Xbxrx, Sixth in Sixes (Polyvinyl) Rating: 7
Xbxrx is going to be big, at least as far as balls-to-the-wall math-core bands get big. I know this because much of their debut album is a solid, straight-up math-core album, all tempo changes and humongous guitar noises and willfully amelodic basslines and screechy, screamy vocals. As such, it is good. What Sixth in Sixes has that most albums of this nature don't, however, is the ability to reveal new layers upon repeat listening. The ten seconds or so of Halloween synths that bridge the first two vocal sections of "Fabricated Progression" are fantastic, and "Hope Until We Can't" sounds a bit like Kurt Cobain on spin cycle. Still, nothing can compete with "Beat Rolls On", one of only two songs (of 18) to break the two-minute mark, which allows a bit of Devo influence in its uncharacteristic rigidity -- that is, until it explodes into a crushing minute of guitar noise, Faith No More synth work and harmonica. Sixth in Sixes is that rare ball of fire that offers a touch of respite from the constant heat in the form of variety. And really, any album in this genre that can inspire an excited second listen deserves a good, close look.
Elliott Brood, Ambassador (Six Shooter) Rating: 7
Nothing fancy about Elliott Brood, folks. The trio of Mark Sasso, Casey LaForet and Stephen Pitkin pluck and stomp the hell out of traditional "mountain" instruments like guitar, banjo and anything else to create a fantastic album, beginning to end. Even if you hated the album, the artwork and presentation is excellent, consisting of a train ticket on the inner fold. Easing themselves into the opener "Twill", the band sounds like a long lost Appalachian rocker performed by the great uncle of Neil Young. "President (35)" is an infectious romp that has you toe-tapping if not testing the floor beams with a hard, repetitive thud. The same can be said for "Second Son" and also "Wolfgang". Some might argue this is rather repetitive, and they could be right. But when it's done this good, dang it, you can't do anything but love it. Perhaps the odd song out is the Celtic-tinged, whispery "Jackson", that sounds eerily like Rod Stewart. That and The Wall-like feel to "Johnny Rooke". The cheery mood picks up with the galloping "The Bridge". Fans of Ramsay Midwood rejoice, you've found another like-minded ensemble.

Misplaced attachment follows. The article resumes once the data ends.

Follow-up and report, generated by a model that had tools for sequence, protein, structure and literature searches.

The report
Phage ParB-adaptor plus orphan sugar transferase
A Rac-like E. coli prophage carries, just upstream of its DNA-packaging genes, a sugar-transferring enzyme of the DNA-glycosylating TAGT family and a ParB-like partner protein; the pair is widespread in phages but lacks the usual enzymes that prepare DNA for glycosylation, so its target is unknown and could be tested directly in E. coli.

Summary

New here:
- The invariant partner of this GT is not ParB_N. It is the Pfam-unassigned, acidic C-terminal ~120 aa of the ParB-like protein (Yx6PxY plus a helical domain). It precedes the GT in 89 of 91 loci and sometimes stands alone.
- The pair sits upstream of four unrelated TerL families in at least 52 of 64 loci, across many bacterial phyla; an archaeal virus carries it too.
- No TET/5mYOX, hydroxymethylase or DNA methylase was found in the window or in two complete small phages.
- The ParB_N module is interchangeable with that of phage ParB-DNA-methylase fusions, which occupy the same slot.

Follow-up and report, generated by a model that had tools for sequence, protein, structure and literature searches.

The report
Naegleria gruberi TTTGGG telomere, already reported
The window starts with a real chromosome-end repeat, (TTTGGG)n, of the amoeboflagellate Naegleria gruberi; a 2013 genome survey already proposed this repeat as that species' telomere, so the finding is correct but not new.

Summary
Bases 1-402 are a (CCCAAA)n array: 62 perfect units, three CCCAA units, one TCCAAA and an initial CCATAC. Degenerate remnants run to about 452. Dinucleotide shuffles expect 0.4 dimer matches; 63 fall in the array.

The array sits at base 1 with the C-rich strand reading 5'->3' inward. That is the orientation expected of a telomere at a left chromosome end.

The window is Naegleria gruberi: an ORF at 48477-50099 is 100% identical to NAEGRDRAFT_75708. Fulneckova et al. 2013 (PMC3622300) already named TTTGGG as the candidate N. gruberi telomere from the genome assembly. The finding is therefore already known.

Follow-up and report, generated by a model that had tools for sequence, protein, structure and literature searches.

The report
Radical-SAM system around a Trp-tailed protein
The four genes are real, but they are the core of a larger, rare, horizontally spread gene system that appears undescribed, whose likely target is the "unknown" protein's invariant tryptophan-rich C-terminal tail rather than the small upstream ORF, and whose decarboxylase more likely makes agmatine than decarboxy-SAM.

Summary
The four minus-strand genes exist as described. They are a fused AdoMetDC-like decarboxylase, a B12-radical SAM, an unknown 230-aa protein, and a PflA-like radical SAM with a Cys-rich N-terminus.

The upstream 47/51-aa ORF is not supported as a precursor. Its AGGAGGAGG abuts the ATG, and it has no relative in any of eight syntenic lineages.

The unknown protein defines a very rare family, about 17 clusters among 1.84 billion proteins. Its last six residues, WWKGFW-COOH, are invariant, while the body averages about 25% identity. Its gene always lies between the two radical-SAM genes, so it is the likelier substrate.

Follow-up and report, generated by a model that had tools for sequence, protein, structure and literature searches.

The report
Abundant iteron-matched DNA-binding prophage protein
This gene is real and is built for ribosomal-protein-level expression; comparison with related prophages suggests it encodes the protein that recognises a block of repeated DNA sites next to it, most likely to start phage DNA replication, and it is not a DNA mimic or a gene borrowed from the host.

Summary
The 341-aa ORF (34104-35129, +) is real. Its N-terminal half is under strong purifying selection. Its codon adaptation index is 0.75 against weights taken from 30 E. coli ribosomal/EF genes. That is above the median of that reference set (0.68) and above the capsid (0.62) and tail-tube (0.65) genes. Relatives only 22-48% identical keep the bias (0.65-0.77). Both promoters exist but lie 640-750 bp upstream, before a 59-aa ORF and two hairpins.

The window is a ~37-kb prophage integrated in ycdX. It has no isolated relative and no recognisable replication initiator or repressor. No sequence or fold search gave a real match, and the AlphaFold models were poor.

Moistboyz, IV (Sanctuary) Rating: 5
Those who will love Moistboyz' IV already know who they are; so zealous is their devotion to the brown sound that they would probably offer up a blood sacrifice to the Boognish if ordered. If you have no idea what that means, it's likely that Moistboyz (Mickey Melchiondo of Ween and Guy Heller of False Front) is patently not for you. The Boyz' so-ironic-it's-not-ironic brand of metal is in full effect, but there's a definite push to politicize their message as evidenced by "I Don't Give a Fuck Where the Eagle Flies" and "Uncle Sam and Me". Later on, it's back to normal: "White Trash", "Fuck You", and "Everybody's Fucked Her" give an accurate taste of their overboard comic tastelessness. The Boognish may be satisfied by the hellish riffs and rampant, often uncreative profanity, but you've got to be willing to stomach assaults of every kind to really connect with this one.
Morning Star, The Opposite is True (Microbe/Disco-Ordination) Rating: 4
Morning Star are a British collective helmed by Jesse Vernon. Vernon's eclectic choice of songs and arrangements is akin to Tom Waits, as if he's creating a new batch of timeless folk tunes. Even with the variety, the songs are often timid and boring. Look no further than the first two tracks. Both struggle to be memorable. "Sunbeam", however, strikes a good balance between wacky and catchy, and "Great Day" is an exuberant joy that sounds like it's from a Disney musical. But "Going Home", the closer, is an embarrassing country ditty. The most consistent problem is flimsy production that leaves mediocre songs flailing in the wind and good songs never rising to the level of greatness. And that's the "opposite" of expert music making.